In my first few years of ministry, God in his graciousness brought many wise women to cheer me on. Having been in ministry for many years, they were familiar with the joys, the potential stumbling blocks and the perseverance needed for a young woman in ministry.
Some came alongside me and ran in the next lane, equipping and investing in me over coffee each week. Others sat in the bleachers and prayed over me and the ministry before me.
Others came just for a season to lift up my arms and whisper God’s truth in my ear when I grew weary. But all of them cheered above the roar of the crowd, amid the arrows of spiritual warfare and the sowing of fertile ground and helped fix my eyes on Jesus through it all.
If you are a young woman in ministry, or know one, here are a few “cheers” from one woman in ministry to another:
Sharpen your skills (and stay humble)
When I graduated from seminary, I made the mistake of setting aside learning. Soon, I noticed my spirit was becoming prideful and unteachable. During that time, the senior pastor of the church I was serving challenged our staff to read 16 books, log 72 hours of podcasts and attend at least one leadership conference a year. This is a habit I continue each year because what I discovered was that when you learn from those wiser and a little ahead of you in the race, you maintain a posture of humility and teachability—and that makes you a stronger leader. Pride is a fertile ground for failure in leadership. Girl, keep learning more than you teach, listening more than you talk and growing more in your ministry skills every day.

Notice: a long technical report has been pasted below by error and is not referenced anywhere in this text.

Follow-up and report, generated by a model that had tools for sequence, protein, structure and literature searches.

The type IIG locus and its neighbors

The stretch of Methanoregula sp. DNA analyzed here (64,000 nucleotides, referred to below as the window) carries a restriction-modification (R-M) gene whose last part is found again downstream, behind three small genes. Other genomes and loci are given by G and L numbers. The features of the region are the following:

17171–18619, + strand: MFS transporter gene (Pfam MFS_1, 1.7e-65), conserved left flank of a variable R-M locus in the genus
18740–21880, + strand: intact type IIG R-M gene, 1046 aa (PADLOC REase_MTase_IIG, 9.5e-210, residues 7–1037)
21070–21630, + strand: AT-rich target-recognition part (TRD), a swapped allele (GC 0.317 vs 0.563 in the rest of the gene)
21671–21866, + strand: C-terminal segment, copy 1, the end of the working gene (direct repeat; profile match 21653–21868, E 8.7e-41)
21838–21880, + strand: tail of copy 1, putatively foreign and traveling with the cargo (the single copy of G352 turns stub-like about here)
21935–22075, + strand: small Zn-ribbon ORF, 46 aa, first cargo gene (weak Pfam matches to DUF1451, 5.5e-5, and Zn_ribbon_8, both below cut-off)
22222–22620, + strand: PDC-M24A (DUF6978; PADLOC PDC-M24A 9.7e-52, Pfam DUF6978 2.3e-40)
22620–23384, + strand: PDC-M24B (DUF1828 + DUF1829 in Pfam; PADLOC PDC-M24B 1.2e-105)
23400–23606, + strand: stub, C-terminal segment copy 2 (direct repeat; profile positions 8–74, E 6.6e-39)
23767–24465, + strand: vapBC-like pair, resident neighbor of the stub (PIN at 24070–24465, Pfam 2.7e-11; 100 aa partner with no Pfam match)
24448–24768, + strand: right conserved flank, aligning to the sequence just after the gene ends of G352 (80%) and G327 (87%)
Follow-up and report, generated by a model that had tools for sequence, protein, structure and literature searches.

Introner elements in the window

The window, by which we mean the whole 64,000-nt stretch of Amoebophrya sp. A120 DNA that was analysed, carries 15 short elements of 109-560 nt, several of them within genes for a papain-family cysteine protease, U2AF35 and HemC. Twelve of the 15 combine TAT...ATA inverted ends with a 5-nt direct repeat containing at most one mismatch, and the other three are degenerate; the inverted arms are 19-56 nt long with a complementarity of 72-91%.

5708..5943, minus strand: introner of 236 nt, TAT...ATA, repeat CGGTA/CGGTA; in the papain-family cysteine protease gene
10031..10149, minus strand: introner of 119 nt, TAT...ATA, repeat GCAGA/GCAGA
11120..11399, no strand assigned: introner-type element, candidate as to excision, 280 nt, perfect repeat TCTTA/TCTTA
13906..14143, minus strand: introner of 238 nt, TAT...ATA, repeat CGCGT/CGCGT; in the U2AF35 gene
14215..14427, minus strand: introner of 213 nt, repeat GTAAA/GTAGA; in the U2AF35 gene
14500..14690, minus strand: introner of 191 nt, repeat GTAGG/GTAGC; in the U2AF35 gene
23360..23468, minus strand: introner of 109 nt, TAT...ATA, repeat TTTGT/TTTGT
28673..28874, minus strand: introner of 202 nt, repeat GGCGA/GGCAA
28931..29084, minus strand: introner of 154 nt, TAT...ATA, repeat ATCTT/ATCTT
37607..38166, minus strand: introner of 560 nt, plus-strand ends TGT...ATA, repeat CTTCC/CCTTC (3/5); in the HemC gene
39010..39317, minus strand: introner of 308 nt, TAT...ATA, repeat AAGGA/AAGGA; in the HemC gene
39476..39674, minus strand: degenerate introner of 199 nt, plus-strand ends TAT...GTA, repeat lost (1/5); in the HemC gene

Welcome accountability (and say yes to vulnerability)
There’s nothing more dangerous than a leader who has no one keeping them accountable. Early on a pastor’s wife encouraged me to pray for and invite a few trustworthy, wise women to commit to pray over my ministry and keep me accountable. Sometimes this looked like praying over my ministry goals and other times this looked like walking through a list of accountability questions concerning my spiritual growth; acknowledging sin in my life; and discussing how my mind, heart, spirit and strength were. This kind of accountability requires confidentiality, trust and vulnerability on your part, but girl, trust me when I say your leadership and your ministry will be healthier and more fruitful when you prioritize integrity, honesty and accountability.
Protect your Sabbath (and give yourself permission to rest)
For most staff members, Sunday is a full day of pouring yourself out in ministry. With each year I serve in ministry, I’ve realized the need to find a time other than Sundays to sabbath, a protected time in my week that I can still myself, worship my Lord and rest. This requires preparation, practicing self-control, and prioritizing your ‘yes’ to rest and your ‘no’ to things that can wait. Girl, the Sabbath is a gift from God; protect it as it equips you, in part, for every good work.
Invest in a few (and make it a lifestyle)
As you lead, observe those women in your life that are called to ministry and be their biggest cheerleader. Look for those that are faithful, available and teachable. Create white space in your calendar to gather with them regularly and really invest in their lives. Cheer, don’t compare. As you share life together, share your ministry platforms with them and give them opportunities to learn and grow in their ministry giftedness and skills. Teach them how to be disciple makers. Girl, the invested life is a beautiful ministry model for the young woman in ministry.
The first few years of ministry are full of excitement as you step into your calling. As you shepherd women in Christ, encourage your heart and keep your heart aligned with God’s by holding these verses close: Psalm 78:72, I Corinthians 15:58 and Acts 20:24. And when you taste the first fruits of the harvest, let it be his name that you praise.
Girl, know there is a fellow co-laborer cheering you on.